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Fauci's NIAID bypassed oversights, oversaw grant to EcoHealth and over $600,000 to Wuhan Lab

Fauci’s subagency ignored safety review measures in place when giving grants for experiments on dangerous pathogens.

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Nick Monroe Cleveland Ohio
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The Department of Health and Human Services in 2017 formed a Potential Pandemic Pathogens Control and Oversight (P3CO) framework for the Department of Health and Human Services (HHS) as a safeguard to make sure research into "dangerous pathogens" had appropriate safeguards in place.

However the Daily Caller released a new report on Sunday that reveals these measures were circumvented in a crucial grant that eventually bankrolled the Wuhan Institute of Virology. What many consider to be ground zero for the COVID outbreak.

To clear up any confusion: Dr. Anthony Fauci led the NIAID, a subagency which gave an NIH grant to a non-profit called EcoHealth. This in turn led to a transfer of over $600,000 from EcoHealth to the Wuhan Institute of Virology. To study bat-based Coronaviruses in China.

If the P3CO looked over EcoHealth’s grant, they’d have had the opportunity to suggest additional safety measures to prevent something like a lab leak. Late last month a Fauci and China connected doctor, Ian Lipkin, strongly objected to the "lab leak" theory broadcasted by ex-CDC director Robert Redfield in a CNN interview. Even though official State Department cables sent in 2018 warned about the "risky studies on coronaviruses from bats" the Wuhan Institute of Virology was conducting.

The way the grant bypassed P3CO review is because flagging proposals for review is optional. An NIH spokesperson told the Daily Caller, "After careful review of the grant, NIAID determined research in the grant was not gain-of-function research because it did not involve the enhancement of the pathogenicity or transmissibility of the viruses studied. We would not submit research proposals that did not meet the definition, because otherwise we would need to submit everything."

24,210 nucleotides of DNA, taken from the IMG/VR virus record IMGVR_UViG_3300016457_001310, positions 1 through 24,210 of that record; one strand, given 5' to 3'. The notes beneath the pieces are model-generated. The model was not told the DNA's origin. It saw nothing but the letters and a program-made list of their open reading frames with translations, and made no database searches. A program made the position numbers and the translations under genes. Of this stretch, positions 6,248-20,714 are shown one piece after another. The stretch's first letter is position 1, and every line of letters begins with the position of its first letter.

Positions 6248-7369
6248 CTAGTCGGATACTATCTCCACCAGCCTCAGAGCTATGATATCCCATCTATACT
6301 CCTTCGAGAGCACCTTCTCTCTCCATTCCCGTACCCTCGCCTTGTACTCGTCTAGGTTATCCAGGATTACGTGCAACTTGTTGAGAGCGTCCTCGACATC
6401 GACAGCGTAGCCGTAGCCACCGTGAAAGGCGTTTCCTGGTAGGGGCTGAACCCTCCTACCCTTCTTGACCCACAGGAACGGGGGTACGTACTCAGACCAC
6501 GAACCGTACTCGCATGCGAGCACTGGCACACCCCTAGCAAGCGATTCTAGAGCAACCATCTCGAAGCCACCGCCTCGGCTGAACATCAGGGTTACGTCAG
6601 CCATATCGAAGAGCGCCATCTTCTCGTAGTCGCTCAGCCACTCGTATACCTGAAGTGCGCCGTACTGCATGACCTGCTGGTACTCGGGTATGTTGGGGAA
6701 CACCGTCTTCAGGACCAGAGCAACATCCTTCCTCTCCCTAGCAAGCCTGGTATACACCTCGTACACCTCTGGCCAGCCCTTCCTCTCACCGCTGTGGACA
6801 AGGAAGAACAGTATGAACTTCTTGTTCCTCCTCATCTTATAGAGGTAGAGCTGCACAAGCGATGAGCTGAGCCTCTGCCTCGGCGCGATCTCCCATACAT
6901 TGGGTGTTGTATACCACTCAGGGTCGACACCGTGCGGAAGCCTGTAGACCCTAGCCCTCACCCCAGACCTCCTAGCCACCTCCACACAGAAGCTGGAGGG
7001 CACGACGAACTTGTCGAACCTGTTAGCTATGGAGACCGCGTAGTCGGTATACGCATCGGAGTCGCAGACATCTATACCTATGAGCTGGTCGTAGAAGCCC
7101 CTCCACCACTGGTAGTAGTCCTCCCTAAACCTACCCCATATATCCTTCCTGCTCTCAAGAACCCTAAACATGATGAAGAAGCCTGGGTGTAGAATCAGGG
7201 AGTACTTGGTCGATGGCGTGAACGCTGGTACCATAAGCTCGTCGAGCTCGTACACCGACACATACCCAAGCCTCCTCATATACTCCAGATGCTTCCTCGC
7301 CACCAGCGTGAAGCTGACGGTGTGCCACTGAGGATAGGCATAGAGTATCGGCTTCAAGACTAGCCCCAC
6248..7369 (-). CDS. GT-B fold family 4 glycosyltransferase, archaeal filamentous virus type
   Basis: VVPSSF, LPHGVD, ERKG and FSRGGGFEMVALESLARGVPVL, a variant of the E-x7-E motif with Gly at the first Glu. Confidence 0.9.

It remains a question whether or not the EcoHealth grant met the P3CO’s standards. Richard H. Ebright is a professor of chemical biology at Rutgers University, told Daily Caller the grant’s abstract outright states how it meets "gain of function" criteria, despite the NIH’s denials now otherwise. Given how the P3CO’s bylaws work, the HHS review committee wasn’t obligated to give a second opinion on NIAID’s own determination over the EcoHealth grant.

A look at the page defines experimental investigations. "Aim 3. In vitro and in vivo characterization of SARSr-CoV spillover risk, coupled with spatial and phylogenetic analyses to identify the regions and viruses of public health concern. We will use S protein sequence data, infectious clone technology, in vitro and in vivo infection experiments and analysis of receptor binding to test the hypothesis that % divergence thresholds in S protein sequences predict spillover potential."

In April 2020 the Trump administration cut off the EcoHealth grant's funding. "At this time, NIH does not believe that the current project outcomes align with the program goals and agency priorities," said their research director Michael Lauer.

"I don’t know the reason, but we were told to cancel it," Fauci said at the time.

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